Visualisation, description, orientation
Martin Zeiller’s oeuvre Topographia Galliae keenly highlights the differences and similarities between the noble and powerful “endroits” of the French Kingdom. For that purpose, the geographer does not only utilize the written language, but also strengthens the oeuvre with a great many of copper engravings crafted by Gaspard Merian.
While riffling through the book, I noticed that there is a very structured arrangement of the written text and the copper engravings. The thirteen volumes of Topographia Galliae commence with a rather pompous frontispiece and continue with a short text which is always dedicated to the aristocracy of the locality, as for example to the mayor. The following section captions the record for the bookbinder of the enclosed copper engravings. After that, an introductory text and mostly a general plan of the location follow, where the whole outline is discussed. A more precise subsequent section dives deeper into the descriptions of the localities whereas paragraphs in different lengths and in alphabetic order describe the different places and quartiers. This party is also accompanied by a great deal of copperplates created by the engraver Matthäus Merian. There are always maps that summarise the described places which are followed by more detailed axonometric projections. Most of these captures are engravings that show “the daily life” of these places. Nevertheless, there are also some exceptions, where the reader has the opportunity to see the construction process of the illustrated place. Last but not least, a register finalizes the thirteen volumes.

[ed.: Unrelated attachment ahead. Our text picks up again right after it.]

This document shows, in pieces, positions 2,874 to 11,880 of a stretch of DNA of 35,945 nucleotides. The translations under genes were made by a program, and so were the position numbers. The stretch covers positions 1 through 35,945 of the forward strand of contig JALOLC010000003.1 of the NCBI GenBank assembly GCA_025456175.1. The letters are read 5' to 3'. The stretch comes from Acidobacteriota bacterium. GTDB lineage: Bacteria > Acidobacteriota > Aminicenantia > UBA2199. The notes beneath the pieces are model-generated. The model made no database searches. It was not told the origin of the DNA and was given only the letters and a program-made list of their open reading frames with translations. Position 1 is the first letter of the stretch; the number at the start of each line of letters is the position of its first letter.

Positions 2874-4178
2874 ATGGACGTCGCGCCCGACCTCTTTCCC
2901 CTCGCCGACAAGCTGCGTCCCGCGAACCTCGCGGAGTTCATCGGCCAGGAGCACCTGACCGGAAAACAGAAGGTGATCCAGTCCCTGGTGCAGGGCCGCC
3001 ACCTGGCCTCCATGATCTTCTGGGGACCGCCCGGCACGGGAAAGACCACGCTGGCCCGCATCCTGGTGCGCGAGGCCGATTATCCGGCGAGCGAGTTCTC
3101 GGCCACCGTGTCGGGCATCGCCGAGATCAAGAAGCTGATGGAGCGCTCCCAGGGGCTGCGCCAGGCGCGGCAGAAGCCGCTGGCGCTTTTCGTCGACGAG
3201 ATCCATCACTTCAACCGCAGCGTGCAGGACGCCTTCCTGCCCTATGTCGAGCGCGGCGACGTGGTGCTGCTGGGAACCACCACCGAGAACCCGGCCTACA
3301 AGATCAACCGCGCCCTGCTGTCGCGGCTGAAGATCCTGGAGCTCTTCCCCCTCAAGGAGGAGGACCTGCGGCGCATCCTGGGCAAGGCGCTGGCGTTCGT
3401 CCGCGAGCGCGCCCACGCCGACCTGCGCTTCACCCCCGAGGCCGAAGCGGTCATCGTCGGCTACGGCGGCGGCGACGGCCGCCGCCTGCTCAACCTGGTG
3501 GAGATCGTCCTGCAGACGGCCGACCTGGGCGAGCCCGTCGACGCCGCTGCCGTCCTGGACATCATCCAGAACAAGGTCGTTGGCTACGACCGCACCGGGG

This just specified structure might be a great orientating assistance to the reader of the rather long and exact description of the places of the French Kingdom. The graphics are not only a location plan, but also display an impression of the locality that is being discussed in the very volume. For this reason, the illustrations are an essential component of the oeuvre. One could almost assert, that the maps are not only mapping France’s noble locations, but also assist the reader with the sense of orientation through the book.
Talking of this concept, it is also worth mentioning, that Martin Zeiller did not only structure the content of the thirteen volumes, but also established a logic behind the order of the places discussed. He takes off in Paris, the heart of France, and continues the journey clockwise while consistently veering away a tiny bit more from this starting point.
In conclusion, Martin Zeiller and Matthäus Merian created a great piece of art that combines written language and illustrations, and thus structured the description of the places in a way, that helps the reader to keep the overview.